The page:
Whether you are expecting it or not, getting served with divorce papers is often a sobering and stressful experience. Your marriage has ended and even though you might have known this was coming, it’s still sometimes striking to have the tangible proof delivered to you. If you aren’t sure what to do first, you are not alone. Here is a step-by-step guide to what your actions should be after you are served with divorce papers.
Step One: I’ve Been Served With Divorce Papers
After accepting the papers (and no, you should not try to avoid being served!), your first action should be to read them in their entirety. Make special note of any dates listed. You will need to make a response by a certain date, so mark that down right away on your calendar or put it in your phone. You will generally have three weeks or so to respond to the complaint and you aren’t going to want to miss that date.
Note that if you decide not to respond, you won’t be preventing the divorce from taking place; you’ll just be telling the court that you don’t want to be involved with the proceedings. They will go on without you.
Also note that if there is a temporary custody order, your spouse might be able to take your children and have sole custody of them until the hearing. Be sure to read these papers over carefully.
Step Two: Seek Out Legal Counsel
You have a few options here if served with divorce papers. If your budget is no issue and you want to hire a private attorney, now is the time to find one. If, like most people served with divorce papers, money is a consideration, you can use a legal advocacy group instead. This is a group of legal professionals who will help you represent yourself in court. They can help you get your paperwork organized, fill out the forms, compile documents, keep track of dates, counsel you on your court appearance (if needed), set you up with other professionals that you might need through the process, and keep your documents stored safely after the divorce and custody agreements are finalized.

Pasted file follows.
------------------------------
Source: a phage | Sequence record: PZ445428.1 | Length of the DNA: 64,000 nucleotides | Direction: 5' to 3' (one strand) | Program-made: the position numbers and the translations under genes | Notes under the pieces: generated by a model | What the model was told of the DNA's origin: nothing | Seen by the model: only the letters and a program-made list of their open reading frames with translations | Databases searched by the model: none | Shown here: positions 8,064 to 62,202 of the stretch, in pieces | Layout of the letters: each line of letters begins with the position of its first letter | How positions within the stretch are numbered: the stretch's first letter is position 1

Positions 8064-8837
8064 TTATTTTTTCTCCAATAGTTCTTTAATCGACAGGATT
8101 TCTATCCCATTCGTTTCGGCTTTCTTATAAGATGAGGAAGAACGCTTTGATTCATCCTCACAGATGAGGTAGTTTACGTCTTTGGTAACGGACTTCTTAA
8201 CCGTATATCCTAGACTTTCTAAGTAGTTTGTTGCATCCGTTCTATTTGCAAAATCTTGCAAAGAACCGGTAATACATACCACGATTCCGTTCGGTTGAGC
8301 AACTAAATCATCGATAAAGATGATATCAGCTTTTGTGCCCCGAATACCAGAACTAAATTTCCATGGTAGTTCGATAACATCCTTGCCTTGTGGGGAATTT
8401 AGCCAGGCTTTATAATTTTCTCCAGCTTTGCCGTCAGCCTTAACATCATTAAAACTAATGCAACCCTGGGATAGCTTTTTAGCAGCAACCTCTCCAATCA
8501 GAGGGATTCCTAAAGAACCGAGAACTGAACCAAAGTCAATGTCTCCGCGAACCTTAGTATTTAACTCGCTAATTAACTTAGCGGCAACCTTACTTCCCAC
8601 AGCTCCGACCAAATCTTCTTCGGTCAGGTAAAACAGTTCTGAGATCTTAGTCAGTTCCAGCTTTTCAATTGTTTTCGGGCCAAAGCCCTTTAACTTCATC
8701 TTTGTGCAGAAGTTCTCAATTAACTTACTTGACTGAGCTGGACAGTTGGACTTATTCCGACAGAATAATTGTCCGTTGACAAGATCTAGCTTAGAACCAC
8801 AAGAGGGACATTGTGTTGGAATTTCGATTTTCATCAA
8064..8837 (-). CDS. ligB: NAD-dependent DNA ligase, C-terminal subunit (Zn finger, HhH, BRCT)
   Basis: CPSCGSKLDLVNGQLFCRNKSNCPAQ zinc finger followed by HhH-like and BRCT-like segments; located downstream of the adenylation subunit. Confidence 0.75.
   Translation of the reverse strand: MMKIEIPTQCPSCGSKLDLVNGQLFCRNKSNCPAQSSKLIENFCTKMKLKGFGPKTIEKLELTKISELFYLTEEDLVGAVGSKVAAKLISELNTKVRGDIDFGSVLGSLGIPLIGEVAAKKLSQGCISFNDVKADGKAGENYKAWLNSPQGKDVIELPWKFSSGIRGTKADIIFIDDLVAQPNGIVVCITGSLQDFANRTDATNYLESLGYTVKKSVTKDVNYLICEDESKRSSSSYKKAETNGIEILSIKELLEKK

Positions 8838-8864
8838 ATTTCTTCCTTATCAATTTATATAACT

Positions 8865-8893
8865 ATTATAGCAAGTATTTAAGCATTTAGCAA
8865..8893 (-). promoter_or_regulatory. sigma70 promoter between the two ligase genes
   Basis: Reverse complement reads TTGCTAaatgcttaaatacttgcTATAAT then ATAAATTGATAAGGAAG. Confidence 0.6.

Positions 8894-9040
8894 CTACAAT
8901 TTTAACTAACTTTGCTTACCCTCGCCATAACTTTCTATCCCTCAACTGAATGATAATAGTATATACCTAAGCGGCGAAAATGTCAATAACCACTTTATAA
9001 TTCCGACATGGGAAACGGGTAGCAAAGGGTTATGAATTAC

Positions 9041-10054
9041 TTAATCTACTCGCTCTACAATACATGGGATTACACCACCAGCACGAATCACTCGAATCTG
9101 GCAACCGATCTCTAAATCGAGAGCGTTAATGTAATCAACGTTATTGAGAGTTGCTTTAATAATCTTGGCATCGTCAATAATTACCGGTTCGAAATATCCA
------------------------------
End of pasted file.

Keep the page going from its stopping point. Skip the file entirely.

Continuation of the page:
Step Three: File a Response to the Divorce Paperwork
When you send in your response after being served with divorce papers, the judge will often want to meet with you and your spouse to find out if you can settle your case amicably. If you and your spouse agree to most of the stipulations of the divorce (for example, where the children will live most of the time, who will get the house, how to distribute retirement accounts, etc.), then the case can settle. This is a relatively quick process, depending on the state, and it will also, in most cases, be your least expensive option.
If you cannot agree on some of the major components of the divorce, don’t worry: This does not mean that you will necessarily have to go to trial. Keep in mind that only approximately one out of 20 divorce cases go to trial; the vast majority settle out of court.
Step Four: Seek Mediation
Many times, the next step is to seek the services of a mediator after being served with divorce papers. This is a neutral third party who will help you and your spouse come to agreements and compromises as you go through your divorce process. He or she will be able to help you decide on matters pertaining to custody, the marital home, bank accounts, and so on. Sometimes mediation takes more than one try; there’s no harm in leaving the first mediation session and mulling things over together and individually before returning for a second session.
Step Five: Create a Parenting Plan
Ideally, you and your spouse will be able to create a parenting plan that gives both of you time with your children. If you can’t, a mediator might be able to help. In some cases, a guardian ad litem (GAL) will be necessary. This is a person who meets with you and your spouse separately to glean insight into your respective relationships with your children. Depending on the ages of your children, the GAL might meet with them, too. He or she will also often interview some of your friends and family members. This process is used when it’s anticipated that a judge will need to make a custody decision; if the two of you can make the decision on your own, then you can simply put together the parenting plan and go from there.
Step Six: Settle or Go to Court
At this point, some divorces will already be finalized, while others will necessitate getting ready for court dates. Most divorce cases do settle before the court date; in some cases, it might be mere days ahead of time. In most cases, it’s beneficial to agree to a settlement. Court cases can take many months or even years and can cost a lot of money.
Your legal advocacy group will help you weigh your options as you go through the process of deciding to settle or go to court. No matter which route you and your spouse take, it will end with a divorce and, if applicable, a custody and child support judgment.
Step Seven: Rebuild Your Life
After a divorce, you might feel traumatized and worn out. This is normal and common. Take some time to decide how you want to go about building your life back up. You will need to take an inventory of your financial situation and consider when you will have your children (and when you won’t). With the rest of your life ahead of you, it’s fine to take some time to rest and get to know yourself as a single person. As the months and years pass, you will need to make some big decisions, but for the immediate period following the divorce settlement or trial, feel free to lay low and consider what you might want to do next.